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The Bloody Chamber Angela Carter | © Bethan Sweeting
The Bloody Chamber Angela Carter | © Bethan Sweeting
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The Best Books By Angela Carter

Picture of Bethan Sweeting
Updated: 10 February 2017
Having read English at the University of Bristol, Angela Carter published many works throughout her life even though she died at the age of 52. Novels, collections of short stories and non-fiction titles make up Carter’s vast body of published works. With strong feminist ideals, ground-breaking taboo contents and a vibrant use of the Gothic genre, Carter’s work remains prominent and engaging. Here are some of her best books.
Courtesy of Gollancz
Courtesy of Gollancz

The Bloody Chamber (1979)

Laced with rich symbolism and Gothic elements, consistently gasp-inducing, Carter’s short stories included in this anthology show influences from popular European fairy tales. The Bloody Chamber contains a variety of familiar yet inventive and imaginative tales. Carter uses the fairy tale form to challenge gender stereotypes by including classically taboo topics such as necrophilia, sadomasochism and pedophilia. Violently sexual and featuring strong female protagonists responding to traditional power balances, Carter’s collection provides an engaging message in the contemporary discussion surrounding gender equality. Making references to Biblical stories, the work of William Blake and traditional folklore, Carter’s prose conveys vividly imaginative details. With great use of symbolism and enthralling Gothic supernatural elements, and the inclusion strong feminist motives alongside the twists and turns of seemingly well-known fairy tales, The Bloody Chamber is an integral and emotionally diverse read.

The Magic Toyshop (1967)

Courtesy of Heinemann
Courtesy of Heinemann

An embellishment upon Carter’s love of the Gothic genre, The Magic Toyshop, published before The Bloody Chamber, paved the way for Carter’s signature style of decadently symbolic prose combined with conventional plot elements and allusions to literary classics. Beginning with tragic circumstantial events resulting in the protagonist, Melanie, becoming an orphan, the basis of events takes place in her family’s London home. Melanie’s Uncle Philip works in a toy shop and crafts puppets; he embodies a sinister and evil male character. Including taboo themes such as incest, this strongly feminist book is a beautifully written Gothic bildungsroman – a coming-of-age story.

Courtesy of Chatto & Windus
Courtesy of Chatto & Windus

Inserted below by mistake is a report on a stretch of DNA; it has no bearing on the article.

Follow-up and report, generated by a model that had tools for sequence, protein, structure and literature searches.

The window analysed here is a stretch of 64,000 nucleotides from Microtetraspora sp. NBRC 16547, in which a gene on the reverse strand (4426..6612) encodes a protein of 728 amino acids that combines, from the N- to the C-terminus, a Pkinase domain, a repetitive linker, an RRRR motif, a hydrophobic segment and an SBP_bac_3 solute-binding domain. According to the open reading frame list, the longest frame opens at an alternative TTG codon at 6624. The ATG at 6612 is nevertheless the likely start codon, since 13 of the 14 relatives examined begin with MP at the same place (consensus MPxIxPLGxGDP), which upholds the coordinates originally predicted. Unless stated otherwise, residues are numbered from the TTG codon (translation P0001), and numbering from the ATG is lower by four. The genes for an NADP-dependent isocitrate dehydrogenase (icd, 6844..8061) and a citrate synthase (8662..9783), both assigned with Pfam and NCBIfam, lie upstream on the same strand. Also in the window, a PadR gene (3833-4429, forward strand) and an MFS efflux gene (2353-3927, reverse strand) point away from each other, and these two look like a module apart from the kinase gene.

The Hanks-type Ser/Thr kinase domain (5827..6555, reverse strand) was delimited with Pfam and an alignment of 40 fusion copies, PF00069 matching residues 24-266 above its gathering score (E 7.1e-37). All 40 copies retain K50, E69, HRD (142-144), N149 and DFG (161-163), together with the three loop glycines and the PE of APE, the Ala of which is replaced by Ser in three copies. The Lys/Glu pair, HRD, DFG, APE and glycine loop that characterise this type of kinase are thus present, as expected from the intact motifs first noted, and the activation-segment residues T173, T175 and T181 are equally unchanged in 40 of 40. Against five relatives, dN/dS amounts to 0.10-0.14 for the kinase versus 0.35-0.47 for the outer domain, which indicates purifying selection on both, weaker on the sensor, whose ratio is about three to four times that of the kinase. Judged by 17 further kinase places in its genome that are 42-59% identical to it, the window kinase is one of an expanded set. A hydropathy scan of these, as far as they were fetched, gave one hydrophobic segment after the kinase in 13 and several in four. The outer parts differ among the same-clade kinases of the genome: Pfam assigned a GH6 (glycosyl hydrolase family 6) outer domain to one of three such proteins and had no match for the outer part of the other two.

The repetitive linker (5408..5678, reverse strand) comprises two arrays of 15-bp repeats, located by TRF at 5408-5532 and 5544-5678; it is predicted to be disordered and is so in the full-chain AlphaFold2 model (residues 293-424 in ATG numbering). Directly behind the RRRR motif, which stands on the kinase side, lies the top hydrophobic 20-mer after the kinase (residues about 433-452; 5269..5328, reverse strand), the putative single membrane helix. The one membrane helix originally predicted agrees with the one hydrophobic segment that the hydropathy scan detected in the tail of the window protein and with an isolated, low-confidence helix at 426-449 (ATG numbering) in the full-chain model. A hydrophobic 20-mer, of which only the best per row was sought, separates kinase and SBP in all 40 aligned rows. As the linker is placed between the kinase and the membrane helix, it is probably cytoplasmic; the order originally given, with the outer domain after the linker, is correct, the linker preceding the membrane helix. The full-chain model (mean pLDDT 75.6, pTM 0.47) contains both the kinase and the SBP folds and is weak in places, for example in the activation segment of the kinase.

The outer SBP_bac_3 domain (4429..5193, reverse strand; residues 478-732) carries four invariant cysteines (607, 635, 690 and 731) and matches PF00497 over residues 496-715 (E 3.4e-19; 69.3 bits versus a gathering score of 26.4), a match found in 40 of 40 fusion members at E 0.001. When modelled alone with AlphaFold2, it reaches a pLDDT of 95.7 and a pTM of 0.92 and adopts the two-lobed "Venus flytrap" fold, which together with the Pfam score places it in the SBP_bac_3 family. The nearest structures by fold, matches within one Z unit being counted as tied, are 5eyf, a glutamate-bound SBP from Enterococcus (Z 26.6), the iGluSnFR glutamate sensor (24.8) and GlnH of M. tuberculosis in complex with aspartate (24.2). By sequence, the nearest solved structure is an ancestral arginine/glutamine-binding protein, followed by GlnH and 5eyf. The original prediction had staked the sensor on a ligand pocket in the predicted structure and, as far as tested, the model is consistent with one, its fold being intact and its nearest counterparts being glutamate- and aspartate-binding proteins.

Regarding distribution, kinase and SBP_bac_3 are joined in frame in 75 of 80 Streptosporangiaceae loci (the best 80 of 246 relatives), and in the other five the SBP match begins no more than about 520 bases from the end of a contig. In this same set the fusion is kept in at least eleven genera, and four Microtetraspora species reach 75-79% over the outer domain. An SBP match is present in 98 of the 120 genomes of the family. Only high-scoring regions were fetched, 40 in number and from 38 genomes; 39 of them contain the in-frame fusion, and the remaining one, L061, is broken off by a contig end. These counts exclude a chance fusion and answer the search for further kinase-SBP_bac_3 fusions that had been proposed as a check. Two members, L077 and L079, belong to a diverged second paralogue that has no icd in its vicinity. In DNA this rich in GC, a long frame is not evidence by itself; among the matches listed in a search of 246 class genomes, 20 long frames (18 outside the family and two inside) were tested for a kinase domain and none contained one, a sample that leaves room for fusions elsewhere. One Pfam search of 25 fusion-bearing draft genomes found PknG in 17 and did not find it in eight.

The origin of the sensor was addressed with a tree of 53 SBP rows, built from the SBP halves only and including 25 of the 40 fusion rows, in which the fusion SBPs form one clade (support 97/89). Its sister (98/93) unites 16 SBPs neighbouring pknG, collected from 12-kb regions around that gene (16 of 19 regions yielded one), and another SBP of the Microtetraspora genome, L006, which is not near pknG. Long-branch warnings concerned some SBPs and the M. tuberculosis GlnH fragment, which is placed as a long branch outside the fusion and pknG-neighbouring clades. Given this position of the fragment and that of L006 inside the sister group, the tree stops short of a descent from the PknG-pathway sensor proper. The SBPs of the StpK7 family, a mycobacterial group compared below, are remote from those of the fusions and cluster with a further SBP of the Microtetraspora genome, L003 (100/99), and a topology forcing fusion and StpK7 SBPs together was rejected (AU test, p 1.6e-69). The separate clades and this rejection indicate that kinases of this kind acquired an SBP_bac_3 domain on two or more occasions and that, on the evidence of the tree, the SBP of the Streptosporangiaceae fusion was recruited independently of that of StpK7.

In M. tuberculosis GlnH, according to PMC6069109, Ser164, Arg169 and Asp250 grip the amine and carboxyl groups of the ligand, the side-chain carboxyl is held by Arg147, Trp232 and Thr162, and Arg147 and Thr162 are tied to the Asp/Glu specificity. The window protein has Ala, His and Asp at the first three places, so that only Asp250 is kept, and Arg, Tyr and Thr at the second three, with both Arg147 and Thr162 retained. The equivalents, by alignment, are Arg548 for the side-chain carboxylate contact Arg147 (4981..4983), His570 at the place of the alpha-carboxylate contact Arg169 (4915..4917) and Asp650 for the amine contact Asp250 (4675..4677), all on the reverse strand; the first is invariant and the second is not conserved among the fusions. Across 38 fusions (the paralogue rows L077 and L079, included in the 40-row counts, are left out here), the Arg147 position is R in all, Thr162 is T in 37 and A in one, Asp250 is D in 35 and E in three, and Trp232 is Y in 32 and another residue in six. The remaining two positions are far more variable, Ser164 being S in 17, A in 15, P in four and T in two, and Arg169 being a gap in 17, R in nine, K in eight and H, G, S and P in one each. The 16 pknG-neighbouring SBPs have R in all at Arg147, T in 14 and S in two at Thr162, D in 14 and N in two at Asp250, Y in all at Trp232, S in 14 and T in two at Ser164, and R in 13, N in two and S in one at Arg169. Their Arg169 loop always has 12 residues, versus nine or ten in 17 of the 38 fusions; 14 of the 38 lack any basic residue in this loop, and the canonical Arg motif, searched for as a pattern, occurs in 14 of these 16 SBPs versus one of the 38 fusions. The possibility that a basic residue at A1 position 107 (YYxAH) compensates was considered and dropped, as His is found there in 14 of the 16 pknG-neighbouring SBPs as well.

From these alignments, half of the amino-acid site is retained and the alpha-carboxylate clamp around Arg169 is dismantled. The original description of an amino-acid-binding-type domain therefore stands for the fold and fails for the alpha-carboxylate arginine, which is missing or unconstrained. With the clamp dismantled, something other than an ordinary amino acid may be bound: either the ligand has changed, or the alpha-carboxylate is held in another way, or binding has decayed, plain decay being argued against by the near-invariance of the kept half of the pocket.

Nights At The Circus (1984)

Theatrically rich and filled with supernatural elements, Nights at the Circus tells the tale of a woman with wings. Angela Carter, with her use of symbolism, presents a female protagonist with wings, which are representative of flight and freedom. These topics are emphasised through her career as a performing trapeze artist. Discussing themes of humanity and sexuality and written with humour, Carter’s magical realist novel is a thrilling read.

Angela Carter’s Book Of Fairy Tales (2005)

Courtesy of Virago
Courtesy of Virago

A further expression of Carter’s fascination with fairy tales and her unique use of the popular genre, this collection will intrigue the readers with the author’s original writing. Containing fairy tales from all over the globe, the anthology is comprised of sections such as ‘Witches,’ ‘Mothers and Daughters,’ and ‘Moral Tales,’ to guide the readers along Carter’s topics. With a dark tone, female centred, this is yet another enjoyable set of stories with Gothic and feminist themes. The book is beautifully illustrated.

The Sadeian Woman and the Ideology of Pornography (1978)

Courtesy of Pantheon Books
Courtesy of Pantheon Books

A non-fiction work focusing on the Marquis de Sade, The Sadeian Woman and the Ideology of Pornography is unusual for being a feminist appraisal of his work, since feminist thinkers tend to be against him. Carter’s view is conveyed as finding the Marquis de Sade’s work liberating for discussing women in the context of being more than just useful for reproduction and defined by their natural physiology. Carter’s well thought-out work offers an engaging and original perspective. This book influenced her characterisation of the ‘Marquis’ in The Bloody Chamber’s title story.